Tuesday, September 21, 2010

How Can America Secure Clean Energy Jobs?


By Teryn Norris & Daniel Goldfarb
Originally published at Americans for Energy Leadership

As China continues advancing in the clean energy race, a growing number of policymakers and commentators are decrying the lack of U.S. federal policies to scale the nation’s clean energy industry to secure jobs, manufacturing capacity, and even private research and development.

Senator Jeff Bingaman (D-NM), Chairman of the Senate Energy & Natural Resource Committee, made a rare entry into Politico’s op-ed page today calling for the establishment of a Clean Energy Deployment Administration. The United Sates cannot compete solely on the basis of R&D and technological breakthroughs, he argues, and must adopt stronger policies to scale its clean energy industry through direct deployment and manufacturing – which in the long-run will attract the private R&D:

“The United States may still have the world’s strongest R&D pipeline for new technologies and an extremely robust entrepreneurial culture to support new ventures. Yet the fact that leading U.S. clean technology companies are building manufacturing and R&D centers in China, rather than in the United States, is a troubling sign that we could lose our lead. Other nations are seeing the benefit of this new paradigm, in which development of leading manufacturing capabilities results in pulling more R&D operations to their shores as well. The result is not positive for the United States.”
Thomas Friedman identified a similar problem in his Sunday NYT op-ed, arguing that China is securing clean energy jobs much more successfully than the United States due to stronger domestic market demand from government policies. He highlights Mike Biddle, founder of MBA Polymers, as an example of how federal R&D without broader industry-scaling strategy can produce unintended consequences:
“Biddle’s seed money was provided mostly by U.S. taxpayers through federal research grants, yet today only his tiny headquarters are in the U.S. His factories are in Austria, China and Britain. “I employ 25 people in California and 250 overseas,” he says. His dream is to have a factory in America that would repay all those research grants, but that would require a smart U.S. energy bill… So we educated him, we paid for his tech breakthroughs — and now Chinese and European workers will harvest his fruit. Aren’t we clever?”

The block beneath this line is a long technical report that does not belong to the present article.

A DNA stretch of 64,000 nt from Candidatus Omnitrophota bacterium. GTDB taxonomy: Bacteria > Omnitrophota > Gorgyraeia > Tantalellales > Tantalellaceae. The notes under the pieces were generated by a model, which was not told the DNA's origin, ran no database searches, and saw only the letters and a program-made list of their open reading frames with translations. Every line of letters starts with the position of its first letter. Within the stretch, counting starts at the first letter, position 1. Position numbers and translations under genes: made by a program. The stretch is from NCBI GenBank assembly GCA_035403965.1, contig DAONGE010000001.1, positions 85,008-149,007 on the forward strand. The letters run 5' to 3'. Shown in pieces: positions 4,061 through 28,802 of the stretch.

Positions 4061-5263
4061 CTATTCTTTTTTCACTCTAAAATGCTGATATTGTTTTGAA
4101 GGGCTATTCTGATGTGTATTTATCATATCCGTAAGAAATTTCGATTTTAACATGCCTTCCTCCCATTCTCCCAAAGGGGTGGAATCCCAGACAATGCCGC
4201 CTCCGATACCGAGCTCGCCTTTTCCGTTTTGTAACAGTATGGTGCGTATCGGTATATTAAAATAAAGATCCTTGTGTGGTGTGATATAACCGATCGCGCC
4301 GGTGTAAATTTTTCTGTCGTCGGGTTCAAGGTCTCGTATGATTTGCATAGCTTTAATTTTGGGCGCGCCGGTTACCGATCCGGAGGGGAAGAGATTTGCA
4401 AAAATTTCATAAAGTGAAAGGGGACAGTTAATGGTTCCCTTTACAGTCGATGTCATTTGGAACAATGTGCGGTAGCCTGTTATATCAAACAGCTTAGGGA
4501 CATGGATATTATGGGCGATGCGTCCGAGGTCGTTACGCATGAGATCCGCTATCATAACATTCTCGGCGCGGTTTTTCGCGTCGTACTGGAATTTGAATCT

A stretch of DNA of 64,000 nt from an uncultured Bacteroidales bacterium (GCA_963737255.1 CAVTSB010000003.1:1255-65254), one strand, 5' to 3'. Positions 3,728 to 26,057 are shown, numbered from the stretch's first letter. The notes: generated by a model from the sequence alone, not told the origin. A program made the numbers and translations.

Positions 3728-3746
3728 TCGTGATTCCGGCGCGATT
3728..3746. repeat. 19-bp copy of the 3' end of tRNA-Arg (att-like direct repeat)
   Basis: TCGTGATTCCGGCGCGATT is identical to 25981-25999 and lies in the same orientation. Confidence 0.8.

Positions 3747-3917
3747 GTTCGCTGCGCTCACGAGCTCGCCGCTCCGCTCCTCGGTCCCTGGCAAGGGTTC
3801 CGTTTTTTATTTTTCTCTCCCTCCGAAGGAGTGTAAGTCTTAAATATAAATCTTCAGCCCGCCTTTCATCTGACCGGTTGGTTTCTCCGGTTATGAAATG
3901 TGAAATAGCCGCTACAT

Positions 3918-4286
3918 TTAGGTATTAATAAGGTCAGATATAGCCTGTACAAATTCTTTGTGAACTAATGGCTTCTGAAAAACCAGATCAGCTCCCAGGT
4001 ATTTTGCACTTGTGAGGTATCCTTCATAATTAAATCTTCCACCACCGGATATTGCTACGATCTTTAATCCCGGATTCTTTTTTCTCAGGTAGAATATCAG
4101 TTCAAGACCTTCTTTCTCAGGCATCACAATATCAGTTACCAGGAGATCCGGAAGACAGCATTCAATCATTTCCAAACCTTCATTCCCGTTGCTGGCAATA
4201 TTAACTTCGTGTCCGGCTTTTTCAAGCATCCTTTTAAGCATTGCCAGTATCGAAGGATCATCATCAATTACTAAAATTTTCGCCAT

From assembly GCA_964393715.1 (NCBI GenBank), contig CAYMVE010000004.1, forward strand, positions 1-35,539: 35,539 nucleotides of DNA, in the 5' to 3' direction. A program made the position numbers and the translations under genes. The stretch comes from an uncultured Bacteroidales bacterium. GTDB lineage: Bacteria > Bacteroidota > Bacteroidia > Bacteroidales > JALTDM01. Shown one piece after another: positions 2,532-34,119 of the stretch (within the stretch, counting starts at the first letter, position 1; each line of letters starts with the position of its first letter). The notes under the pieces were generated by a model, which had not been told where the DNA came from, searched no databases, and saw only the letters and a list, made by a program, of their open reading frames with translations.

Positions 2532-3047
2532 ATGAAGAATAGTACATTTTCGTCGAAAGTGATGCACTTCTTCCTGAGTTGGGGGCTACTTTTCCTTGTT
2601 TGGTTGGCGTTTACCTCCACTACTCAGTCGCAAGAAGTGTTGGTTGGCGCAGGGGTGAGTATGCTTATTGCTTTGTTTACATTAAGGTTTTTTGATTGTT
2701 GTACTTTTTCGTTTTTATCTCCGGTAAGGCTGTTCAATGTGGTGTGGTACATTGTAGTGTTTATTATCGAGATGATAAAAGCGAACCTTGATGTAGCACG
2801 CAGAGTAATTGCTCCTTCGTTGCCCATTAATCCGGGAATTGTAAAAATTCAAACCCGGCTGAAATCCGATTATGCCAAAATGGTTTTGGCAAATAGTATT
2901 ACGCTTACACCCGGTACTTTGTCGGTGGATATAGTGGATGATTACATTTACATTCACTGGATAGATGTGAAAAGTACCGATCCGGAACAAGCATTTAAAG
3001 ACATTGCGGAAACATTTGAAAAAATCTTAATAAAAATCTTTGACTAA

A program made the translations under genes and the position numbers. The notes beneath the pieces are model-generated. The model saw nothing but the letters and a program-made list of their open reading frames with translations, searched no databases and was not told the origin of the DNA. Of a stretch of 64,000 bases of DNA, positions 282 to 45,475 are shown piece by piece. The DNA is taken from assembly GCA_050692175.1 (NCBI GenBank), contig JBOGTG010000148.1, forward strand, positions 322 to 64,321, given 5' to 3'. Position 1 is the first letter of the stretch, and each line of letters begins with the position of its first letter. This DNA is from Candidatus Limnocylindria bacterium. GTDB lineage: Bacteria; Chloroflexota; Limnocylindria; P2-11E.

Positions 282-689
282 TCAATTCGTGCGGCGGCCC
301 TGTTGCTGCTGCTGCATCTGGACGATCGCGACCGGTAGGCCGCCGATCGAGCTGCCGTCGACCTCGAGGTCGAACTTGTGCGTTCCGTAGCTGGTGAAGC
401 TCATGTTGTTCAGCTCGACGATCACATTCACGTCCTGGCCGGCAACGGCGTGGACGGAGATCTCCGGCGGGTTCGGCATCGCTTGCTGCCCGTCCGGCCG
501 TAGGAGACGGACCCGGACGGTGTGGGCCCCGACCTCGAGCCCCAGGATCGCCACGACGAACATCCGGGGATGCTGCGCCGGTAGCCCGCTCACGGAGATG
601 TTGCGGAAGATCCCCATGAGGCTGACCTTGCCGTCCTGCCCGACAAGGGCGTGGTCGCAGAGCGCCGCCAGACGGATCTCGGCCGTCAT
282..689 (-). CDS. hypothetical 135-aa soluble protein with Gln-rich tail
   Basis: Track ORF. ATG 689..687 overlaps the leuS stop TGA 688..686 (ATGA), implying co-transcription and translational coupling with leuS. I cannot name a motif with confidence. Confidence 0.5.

China’s commitment to clean energy deployment and manufacturing, however, is also beginning to attract private R&D centers. Friedman cites Peggy Liu, chairwoman of the Joint U.S.-China Collaboration on Clean Energy, who said:
“China is changing from the factory of the world to the clean-tech laboratory of the world. China has the unique ability to pit low-cost capital with large-scale experiments to find models that work. They’re able to quickly throw spaghetti on the wall to see what clean-tech models stick, and then have the political will to scale them quickly across the country. This allows China to create jobs and learn quickly.”
These observations build on recent commentary from technology industry experts like Andy Grove, co-founder of Intel. According to Grove, high-tech domestic job creation depends on supportive public policy mechanisms, including targeted public investment, to achieve scaling and economic cluster formation. Unfortunately, the U.S. has lost large numbers of high-tech jobs because it has failed to implement a broader industrial development strategy, including investment in manufacturing capacity:
“The scaling process is no longer happening in the U.S. And as long as that's the case, plowing capital into young companies that build their factories elsewhere will continue to yield a bad return in terms of American jobs… [Asian] countries seem to understand that job creation must be the No. 1 objective of state economic policy. The government plays a strategic role in setting the priorities and arraying the forces and organization necessary to achieve this goal. The rapid development of the Asian economies provides numerous illustrations.”
Of course, market demand is only one part of the equation and must be matched by a broader clean energy competitiveness strategy along each stage of the innovation pipeline. Yet unless the federal government can stimulate a robust market for clean-energy technologies in the United States, American innovations will continue failing to create American jobs. If U.S. policymakers want to address the jobs crisis, they should heed Senator Bingaman’s call and pass a Clean Energy Deployment Administration, along with other policies to create robust deployment of clean energy in America.

1 comment:

AndrewW said...

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